Not surprisingly, nightmares tend to have low frequencies of friendliness. In a survey asking several thousand people to describe their “worst nightmare,” only 8% of the reports of 15 or more words had a reference to friendliness. Similarly, in surveys asking people about their dreams of work, just 8% have a reference to friendliness. By contrast, surveys asking about visitation dreams (in which someone who is dead appears as if alive) have friendliness in 23% of the reports, and surveys asking about “the most memorable dream you’ve ever had in your life” yield references to friendliness in 29% of the reports. It seems the more spiritually-charged a dream becomes, the more likely it will have a friendly social interaction.
Although much more will emerge from future studies, the research so far on friendliness in dreaming has several practical implications.
First, you can learn about the depth and quality of your relationships with your friends by considering who does and doesn’t appear in your dreams, and how you interact with them when they do appear.
Second, you can observe the patterns of who in your dreams initiates a friendly act, versus who receives the friendly act. Are you always on the giving end, or the receiving end? Do some of your friends only appear in one or the other role?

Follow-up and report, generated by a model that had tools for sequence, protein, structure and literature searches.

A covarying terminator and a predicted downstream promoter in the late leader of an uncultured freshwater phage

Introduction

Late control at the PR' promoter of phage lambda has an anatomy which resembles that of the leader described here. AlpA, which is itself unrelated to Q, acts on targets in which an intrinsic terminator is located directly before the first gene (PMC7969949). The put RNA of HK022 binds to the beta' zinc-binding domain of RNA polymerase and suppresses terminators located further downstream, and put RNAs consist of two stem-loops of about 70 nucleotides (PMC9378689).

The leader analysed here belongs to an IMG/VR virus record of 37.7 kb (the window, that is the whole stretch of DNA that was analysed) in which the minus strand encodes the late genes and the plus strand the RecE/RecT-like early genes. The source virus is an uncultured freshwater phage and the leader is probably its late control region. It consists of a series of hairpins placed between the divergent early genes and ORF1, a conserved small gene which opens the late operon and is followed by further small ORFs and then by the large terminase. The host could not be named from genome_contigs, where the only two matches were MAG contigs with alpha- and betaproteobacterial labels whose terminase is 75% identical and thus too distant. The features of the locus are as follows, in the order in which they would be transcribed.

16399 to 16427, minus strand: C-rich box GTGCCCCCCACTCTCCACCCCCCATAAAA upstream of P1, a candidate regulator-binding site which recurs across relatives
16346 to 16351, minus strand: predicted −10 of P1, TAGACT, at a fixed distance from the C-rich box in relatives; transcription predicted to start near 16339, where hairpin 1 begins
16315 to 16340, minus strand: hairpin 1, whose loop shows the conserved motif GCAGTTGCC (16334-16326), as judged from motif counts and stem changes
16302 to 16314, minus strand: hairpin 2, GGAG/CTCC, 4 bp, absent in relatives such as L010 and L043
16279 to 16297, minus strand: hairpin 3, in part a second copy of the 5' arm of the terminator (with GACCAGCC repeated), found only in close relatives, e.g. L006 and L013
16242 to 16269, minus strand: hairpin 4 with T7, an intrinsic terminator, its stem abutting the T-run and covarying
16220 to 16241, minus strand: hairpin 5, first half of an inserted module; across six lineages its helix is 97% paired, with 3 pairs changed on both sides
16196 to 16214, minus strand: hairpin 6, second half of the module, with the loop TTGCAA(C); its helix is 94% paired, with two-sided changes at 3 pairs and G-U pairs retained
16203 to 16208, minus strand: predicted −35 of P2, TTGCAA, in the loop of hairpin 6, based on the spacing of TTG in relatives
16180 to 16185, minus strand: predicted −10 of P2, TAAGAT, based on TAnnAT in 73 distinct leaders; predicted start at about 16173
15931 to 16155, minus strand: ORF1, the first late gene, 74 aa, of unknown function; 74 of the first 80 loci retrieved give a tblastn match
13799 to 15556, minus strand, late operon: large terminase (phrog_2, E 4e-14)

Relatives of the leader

Third, you can see in dreams when feelings of friendliness become mixed with feelings of romantic and sexual desire. In some dreams it’s hard to tell if an interaction is friendly or romantic—which may be exactly the point, in terms of bringing to conscious awareness your ambiguous feelings towards someone else.
Fourth, if you notice that the frequency of friendliness in your dreams diminishes drastically, that might be a sign of difficulties with your social life. Everyone has their own baseline of “normal” friendliness in their dreams, so it’s worth paying enough attention to your dreams over time and becoming familiar with your own regular patterns, to enable you to recognize worrisome changes when they occur.
Note: this post first appeared in Psychology Today, 9/11/21.